by Maria Troia —
A recent article in The New York Times reported that hyperactivity in children is caused by a “particular portion of the body being too active.”
Hyperactive behavior may present in a child who is constantly active, talks excessively, fidgets, is easily distracted, has difficulty concentrating or following directions, and behaves aggressively. Hyperactivity may interfere with a child’s schoolwork, as well as with his social development. These socially inappropriate behaviors can make it difficult for him to make friends.
Because of the obstacles created by hyperactivity, some of these children may seem depressed. They also are more apt to be targeted by bullies for being different.
Various philosophies exist as to which body system is at the center of a hyperactivity diagnosis; however, it is commonly believed that the nervous system is integrally involved.
What is too commonly overlooked in considering the nervous system, however, is the effect of the myofascial system. The nerves are surrounded by fascia, a three-dimensional web of connective tissue. When this connective tissue is injured, it tightens and grabs onto whichever structures are within its reach: nerves, blood vessels, muscles, bones and even organs.
This tissue has up to 2,000 pounds of tensile strength, giving it the power to send the body, particularly the nervous system, into crisis. Injuries to the connective tissue do not show up on diagnostic imaging, which is why such imbalances often go overlooked without a skilled myofascial therapist to assess the condition of the tissue.
Children who cannot express their feelings of heightened tension and stress often demonstrate excessive behavior. They will act out as the body’s innate intelligence causes them to become more active — an attempt to discharge the nervous energy that is trapped in the dysfunctional myofascial system.
As their bodies try to return to homeostasis, they send messages to restore balance to the myofascial system. Children, however, have no words to communicate this. Thus, they are labeled hyperactive and are often given medications to sedate such behavior. The medications may address the outward manifestation of the problem, but do not get to the root of it.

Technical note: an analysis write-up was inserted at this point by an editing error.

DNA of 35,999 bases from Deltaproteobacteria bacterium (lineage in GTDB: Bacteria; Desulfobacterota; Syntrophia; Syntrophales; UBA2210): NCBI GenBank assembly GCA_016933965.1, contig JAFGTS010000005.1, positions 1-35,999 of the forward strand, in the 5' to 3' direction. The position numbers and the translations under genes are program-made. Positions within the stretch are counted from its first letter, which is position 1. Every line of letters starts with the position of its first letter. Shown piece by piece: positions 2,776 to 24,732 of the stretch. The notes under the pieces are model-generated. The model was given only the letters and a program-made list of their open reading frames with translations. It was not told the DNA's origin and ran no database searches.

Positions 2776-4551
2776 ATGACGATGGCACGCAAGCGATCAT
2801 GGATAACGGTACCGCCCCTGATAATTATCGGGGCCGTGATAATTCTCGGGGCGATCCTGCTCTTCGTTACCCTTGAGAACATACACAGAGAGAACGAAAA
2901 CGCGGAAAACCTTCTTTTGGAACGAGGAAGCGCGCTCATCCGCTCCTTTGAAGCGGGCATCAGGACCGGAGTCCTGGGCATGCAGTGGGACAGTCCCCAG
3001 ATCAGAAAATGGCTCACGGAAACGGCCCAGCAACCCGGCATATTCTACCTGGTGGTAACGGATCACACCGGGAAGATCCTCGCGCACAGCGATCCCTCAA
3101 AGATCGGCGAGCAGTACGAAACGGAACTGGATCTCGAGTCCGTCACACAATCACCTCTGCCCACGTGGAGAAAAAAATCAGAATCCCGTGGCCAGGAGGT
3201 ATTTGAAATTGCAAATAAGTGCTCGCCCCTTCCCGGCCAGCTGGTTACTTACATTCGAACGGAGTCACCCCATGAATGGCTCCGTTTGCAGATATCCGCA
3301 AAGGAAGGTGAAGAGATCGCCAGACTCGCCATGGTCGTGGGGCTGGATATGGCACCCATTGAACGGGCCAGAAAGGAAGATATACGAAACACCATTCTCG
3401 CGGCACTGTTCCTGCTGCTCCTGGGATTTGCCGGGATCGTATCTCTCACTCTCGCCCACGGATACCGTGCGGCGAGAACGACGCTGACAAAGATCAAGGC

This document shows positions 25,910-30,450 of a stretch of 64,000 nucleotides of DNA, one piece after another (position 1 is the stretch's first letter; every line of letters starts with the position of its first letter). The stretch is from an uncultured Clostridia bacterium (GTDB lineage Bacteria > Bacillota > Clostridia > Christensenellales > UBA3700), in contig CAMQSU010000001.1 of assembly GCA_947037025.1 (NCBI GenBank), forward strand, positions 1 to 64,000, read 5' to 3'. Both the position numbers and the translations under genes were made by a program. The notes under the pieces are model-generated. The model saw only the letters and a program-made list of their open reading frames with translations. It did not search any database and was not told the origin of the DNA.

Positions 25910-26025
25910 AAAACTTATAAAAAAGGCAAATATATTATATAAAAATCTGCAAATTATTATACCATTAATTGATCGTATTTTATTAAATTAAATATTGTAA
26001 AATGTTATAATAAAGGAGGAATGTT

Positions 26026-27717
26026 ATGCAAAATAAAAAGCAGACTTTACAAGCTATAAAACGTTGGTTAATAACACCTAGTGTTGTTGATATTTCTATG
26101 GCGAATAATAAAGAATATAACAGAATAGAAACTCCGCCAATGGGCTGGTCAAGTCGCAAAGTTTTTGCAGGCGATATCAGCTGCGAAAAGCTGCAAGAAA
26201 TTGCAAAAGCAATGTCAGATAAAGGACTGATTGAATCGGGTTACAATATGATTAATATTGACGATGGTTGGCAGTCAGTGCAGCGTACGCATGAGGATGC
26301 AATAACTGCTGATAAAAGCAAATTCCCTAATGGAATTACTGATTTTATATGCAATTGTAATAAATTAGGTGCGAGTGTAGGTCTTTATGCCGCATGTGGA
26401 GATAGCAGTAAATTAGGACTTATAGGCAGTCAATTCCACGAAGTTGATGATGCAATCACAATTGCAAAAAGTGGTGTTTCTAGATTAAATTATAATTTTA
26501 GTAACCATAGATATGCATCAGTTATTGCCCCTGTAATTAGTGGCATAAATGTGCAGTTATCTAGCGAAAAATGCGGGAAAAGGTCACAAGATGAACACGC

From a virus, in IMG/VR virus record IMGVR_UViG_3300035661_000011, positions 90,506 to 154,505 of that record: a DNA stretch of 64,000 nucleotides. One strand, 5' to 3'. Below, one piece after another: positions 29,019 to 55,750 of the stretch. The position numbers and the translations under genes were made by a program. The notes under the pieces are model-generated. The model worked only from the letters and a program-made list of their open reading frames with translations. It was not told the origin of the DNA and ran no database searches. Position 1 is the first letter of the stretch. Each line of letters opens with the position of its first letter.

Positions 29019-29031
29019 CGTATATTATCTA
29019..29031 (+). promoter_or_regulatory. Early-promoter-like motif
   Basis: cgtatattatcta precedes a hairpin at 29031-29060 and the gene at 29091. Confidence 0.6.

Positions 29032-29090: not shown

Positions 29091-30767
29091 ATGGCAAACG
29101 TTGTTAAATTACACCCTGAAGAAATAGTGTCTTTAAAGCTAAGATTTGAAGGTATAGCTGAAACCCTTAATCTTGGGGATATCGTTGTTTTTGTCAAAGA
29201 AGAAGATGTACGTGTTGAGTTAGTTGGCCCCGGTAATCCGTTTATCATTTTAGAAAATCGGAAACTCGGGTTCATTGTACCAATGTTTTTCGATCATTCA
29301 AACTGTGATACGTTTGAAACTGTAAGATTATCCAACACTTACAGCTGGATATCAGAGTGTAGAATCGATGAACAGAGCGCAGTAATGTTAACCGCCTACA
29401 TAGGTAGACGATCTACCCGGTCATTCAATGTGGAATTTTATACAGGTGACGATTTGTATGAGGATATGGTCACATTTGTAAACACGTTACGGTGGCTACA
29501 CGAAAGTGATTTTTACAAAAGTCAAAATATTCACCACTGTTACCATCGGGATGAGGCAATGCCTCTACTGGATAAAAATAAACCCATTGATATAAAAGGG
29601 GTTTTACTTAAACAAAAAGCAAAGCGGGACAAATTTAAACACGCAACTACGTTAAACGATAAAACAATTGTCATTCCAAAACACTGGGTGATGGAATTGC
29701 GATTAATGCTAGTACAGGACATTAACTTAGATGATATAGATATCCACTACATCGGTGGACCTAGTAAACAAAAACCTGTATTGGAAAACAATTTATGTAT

Circumstances that injure the fascia are many, but birth trauma is often a factor in children. Difficult or prolonged labor, forceps and even C-section deliveries are all possible causes. However, causes of tissue injury need not be so dramatic. Environmental allergens, food sensitivities and toxic exposures also can affect the myofascia, causing it to lose its fluid nature and solidify, thereby creating stress on the structures within its reach.
The John Barnes Approach to Myofascial Release is a gentle system of bodywork and the only system that engages the myofascia at its deepest level — the collagenous barrier. This allows the fascial tourniquet to be released from the nerves and other structures that are restricted by the solidified tissue. When the collagenous barrier is engaged, an immediate and lasting change in the tissue occurs, and subsequently, in the stress that caused the hyperactive behavior.
Children are particularly responsive to (and enjoy) this form of therapy, since they do not have the filters that adults have, which can stand in the way of allowing the release.
Maria Troia, MSEd, LMT, NCTMB, CH. is the owner of East-West Holistic Healing Arts in Old Town Scottsdale. She has advanced training in the John Barnes Approach to Myofascial Release and is certified in Pediatric Myofascial Release. She also holds a Master’s in Education from Hofstra University. 480-313-6260 or www.EastWestHolistic.net.
Reprinted from AzNetNews, Volume 31, Number 1, Feb/Mar 2012.